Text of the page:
"Wow," said the teenager. "That's awesome."
The palmist nodded. "My stop not so far away now." He said, his voice hoarse. "This is your last chance. Free. No charge."
Listen kiddo, do it," the fat lady said suddenly. She had been eaves-dropping and there was a tear on her cheek. "Give him your hand. "How's it gonna hurt? You might find out something. He's for real. I can tell."
"All right," the teenager said and laughed, a nervous laugh. "OK."
He gave his right hand to the palmist. The old man leaned forward, his face burning with seriousness. He is reading the lines on the teenager's opened palm. He bent the boy's wrist this way and that kneaded and prodded the fleshy knolls and finger ties, maybe famous poet. When twenty-five, twenty-six, you're going to change very much. Big change. But, if you don't choose right, oh, so many regret. You tucky, you get help. These squares, here, right here, they mentor. They come guide you. Teach you. When you reach mountain top, people, everywhere, will hear you, know you, see you.
The teenager pulled back his hand and he looked at it closely, as if seeing it for the first time.
"Oh, so much love. You number one some day." Said the palmist.
That fat lady touched the teenager lightly on the shoulder. "Lots of luck, kiddo," she said, as she got off the bus.
A few more stops and it was the palmist's turn. The teenager helped him up and the palmist used his umbrella, as a cane, to shuffle his way toward the stairway. When the bus came to a full stop and the door swung open, the palmist turned and gave the boy a look that, in later years, he might understood. At that moment, however, all the teenager saw was a small old man, whose moist eyes seemed to be staring at same place very far away, before he tuned and opened his umbrella and stepped out hesitantly into the rain.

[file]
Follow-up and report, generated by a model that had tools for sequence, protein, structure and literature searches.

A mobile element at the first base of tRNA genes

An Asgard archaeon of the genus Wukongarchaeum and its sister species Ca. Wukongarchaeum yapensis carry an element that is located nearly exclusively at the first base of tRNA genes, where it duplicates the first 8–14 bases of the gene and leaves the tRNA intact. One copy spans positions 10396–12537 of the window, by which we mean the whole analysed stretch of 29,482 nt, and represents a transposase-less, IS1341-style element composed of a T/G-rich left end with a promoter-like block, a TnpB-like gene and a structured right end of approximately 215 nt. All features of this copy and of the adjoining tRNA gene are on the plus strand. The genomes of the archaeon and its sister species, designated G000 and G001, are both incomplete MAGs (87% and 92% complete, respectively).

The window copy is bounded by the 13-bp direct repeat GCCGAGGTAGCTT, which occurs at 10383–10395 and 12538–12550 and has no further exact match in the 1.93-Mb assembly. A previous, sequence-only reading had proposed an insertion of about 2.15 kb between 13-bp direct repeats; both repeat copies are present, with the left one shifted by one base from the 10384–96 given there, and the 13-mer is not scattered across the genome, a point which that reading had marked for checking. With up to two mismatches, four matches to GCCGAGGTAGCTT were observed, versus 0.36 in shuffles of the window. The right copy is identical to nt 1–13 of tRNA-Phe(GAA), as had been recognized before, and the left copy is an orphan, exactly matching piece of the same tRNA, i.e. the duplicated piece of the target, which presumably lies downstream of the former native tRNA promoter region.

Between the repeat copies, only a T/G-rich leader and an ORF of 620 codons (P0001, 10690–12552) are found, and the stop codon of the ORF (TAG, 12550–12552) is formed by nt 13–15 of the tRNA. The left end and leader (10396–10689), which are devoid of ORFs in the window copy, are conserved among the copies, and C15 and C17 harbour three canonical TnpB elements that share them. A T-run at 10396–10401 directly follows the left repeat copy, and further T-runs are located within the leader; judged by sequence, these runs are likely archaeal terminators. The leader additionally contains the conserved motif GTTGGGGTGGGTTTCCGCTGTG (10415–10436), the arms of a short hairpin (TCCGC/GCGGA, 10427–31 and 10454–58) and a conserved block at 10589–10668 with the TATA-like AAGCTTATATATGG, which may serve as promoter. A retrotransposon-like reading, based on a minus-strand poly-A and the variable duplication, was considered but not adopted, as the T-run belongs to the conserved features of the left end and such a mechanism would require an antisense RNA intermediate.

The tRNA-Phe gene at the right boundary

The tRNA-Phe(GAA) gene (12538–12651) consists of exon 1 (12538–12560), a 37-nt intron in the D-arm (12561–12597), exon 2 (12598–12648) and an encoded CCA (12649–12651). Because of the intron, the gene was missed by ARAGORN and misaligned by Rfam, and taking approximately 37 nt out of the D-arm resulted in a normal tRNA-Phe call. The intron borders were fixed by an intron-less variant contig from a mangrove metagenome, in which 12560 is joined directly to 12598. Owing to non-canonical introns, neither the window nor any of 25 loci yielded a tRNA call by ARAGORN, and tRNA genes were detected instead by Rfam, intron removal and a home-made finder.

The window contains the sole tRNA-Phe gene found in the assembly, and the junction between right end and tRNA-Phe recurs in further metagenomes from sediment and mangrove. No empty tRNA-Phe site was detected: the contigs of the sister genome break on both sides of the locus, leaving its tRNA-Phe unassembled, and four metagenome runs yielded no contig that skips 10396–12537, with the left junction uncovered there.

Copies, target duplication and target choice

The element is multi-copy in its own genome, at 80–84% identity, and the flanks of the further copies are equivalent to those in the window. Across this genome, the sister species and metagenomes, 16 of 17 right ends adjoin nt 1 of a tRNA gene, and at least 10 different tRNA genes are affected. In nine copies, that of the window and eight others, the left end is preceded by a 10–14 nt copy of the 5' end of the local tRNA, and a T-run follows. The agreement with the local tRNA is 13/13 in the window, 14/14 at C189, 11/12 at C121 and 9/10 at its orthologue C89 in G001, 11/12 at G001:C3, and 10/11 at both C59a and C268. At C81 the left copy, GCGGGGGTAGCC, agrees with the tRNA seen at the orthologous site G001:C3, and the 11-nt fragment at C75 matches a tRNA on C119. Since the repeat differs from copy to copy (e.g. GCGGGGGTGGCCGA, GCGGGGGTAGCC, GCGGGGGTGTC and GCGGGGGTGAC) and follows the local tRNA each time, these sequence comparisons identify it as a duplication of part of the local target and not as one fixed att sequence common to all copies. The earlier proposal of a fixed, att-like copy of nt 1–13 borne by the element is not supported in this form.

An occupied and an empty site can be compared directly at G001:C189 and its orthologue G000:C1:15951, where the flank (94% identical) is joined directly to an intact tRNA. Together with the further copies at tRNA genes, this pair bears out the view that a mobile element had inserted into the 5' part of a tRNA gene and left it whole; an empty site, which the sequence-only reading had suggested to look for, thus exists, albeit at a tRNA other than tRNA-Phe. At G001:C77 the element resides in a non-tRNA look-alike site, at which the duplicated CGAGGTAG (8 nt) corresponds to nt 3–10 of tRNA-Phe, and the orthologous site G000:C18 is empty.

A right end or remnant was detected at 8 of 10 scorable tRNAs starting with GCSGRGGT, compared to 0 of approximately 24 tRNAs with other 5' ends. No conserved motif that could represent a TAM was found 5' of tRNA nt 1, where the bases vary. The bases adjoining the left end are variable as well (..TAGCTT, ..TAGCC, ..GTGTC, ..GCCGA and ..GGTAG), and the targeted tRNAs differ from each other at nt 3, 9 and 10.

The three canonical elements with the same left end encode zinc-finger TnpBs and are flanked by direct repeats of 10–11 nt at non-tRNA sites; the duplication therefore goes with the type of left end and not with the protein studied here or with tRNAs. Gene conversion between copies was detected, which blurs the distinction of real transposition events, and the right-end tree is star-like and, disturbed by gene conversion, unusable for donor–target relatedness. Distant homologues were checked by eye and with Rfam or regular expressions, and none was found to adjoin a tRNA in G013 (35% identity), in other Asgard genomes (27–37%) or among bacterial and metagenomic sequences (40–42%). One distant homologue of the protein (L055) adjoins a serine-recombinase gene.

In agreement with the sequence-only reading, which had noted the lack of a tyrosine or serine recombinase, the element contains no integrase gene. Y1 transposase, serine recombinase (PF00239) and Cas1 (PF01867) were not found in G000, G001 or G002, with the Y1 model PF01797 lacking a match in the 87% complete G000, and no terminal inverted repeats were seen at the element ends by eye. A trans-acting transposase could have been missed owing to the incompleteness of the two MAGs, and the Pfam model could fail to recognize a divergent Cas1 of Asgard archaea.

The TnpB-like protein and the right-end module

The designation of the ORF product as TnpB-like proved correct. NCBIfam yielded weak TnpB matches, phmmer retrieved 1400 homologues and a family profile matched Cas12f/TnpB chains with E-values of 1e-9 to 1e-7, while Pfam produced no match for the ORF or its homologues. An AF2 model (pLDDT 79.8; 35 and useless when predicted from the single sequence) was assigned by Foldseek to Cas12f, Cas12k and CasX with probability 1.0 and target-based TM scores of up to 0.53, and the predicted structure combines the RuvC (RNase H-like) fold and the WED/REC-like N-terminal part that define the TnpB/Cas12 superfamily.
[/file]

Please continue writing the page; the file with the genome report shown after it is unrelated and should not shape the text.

The boy sat down on the bench, the palmist had occupied. He looked at his palm for a while, but then he grew bored. He turned around to the fogged up windows behind him and he began to draw. First, he drew a hula girl, standing on a distant that I stand with palm trees in the background. Then, he drew a sailboat, crowded with people, heading for that island. But, the waves were high and the 1? Boat seemed to be listening.. He paused. There was a gleaming of sadness in his eyes, as he studied his creation. He drew another boat, much larger, next to the sinking one. A single figure stood on the larger boat alone, hands in the air, as if telling them to hold on.
Through each stroke, the teenager saw a rushing world of people, moving under colorful umbrellas and plastic ponchos, on the busy sidewalk. He stopped drawing and watched the scenery, mesmerized. Soon the people and storefront windows streaked into green pine trees, ferns and well-tended grass meadows. The park, and beyond that, the sea.
The rain had tapered off and a few columns of sunlight pierced through gray clouds, making the road ahead glow, like a golden river. The boy, suddenly, felt excited and happy. He couldn't wait to get off the bus to jump over puddles and he run as fast as he could toward the ocean, to watch the waves breaking against the shore. With a circular movement of his hand, he wiped away sailor, boats, hula girl and island, and he revealed a circle of trees and sky.
High above the clouds, he saw a jet plane soar, its red lights blinking. People were flying across oceans and continents, to take up mysterious destinies.
"A poet!" he said incredulously to himself. Where the palmist's thumbnail had left a crescent moon in the muddle of his palm, he could still feel a vague tingling sensation. He looked at his cool, wet palm for a long time. Then he wiped dry on his faded Levi's.
"What a day." He said, shaking his head. "Boy, what a day!"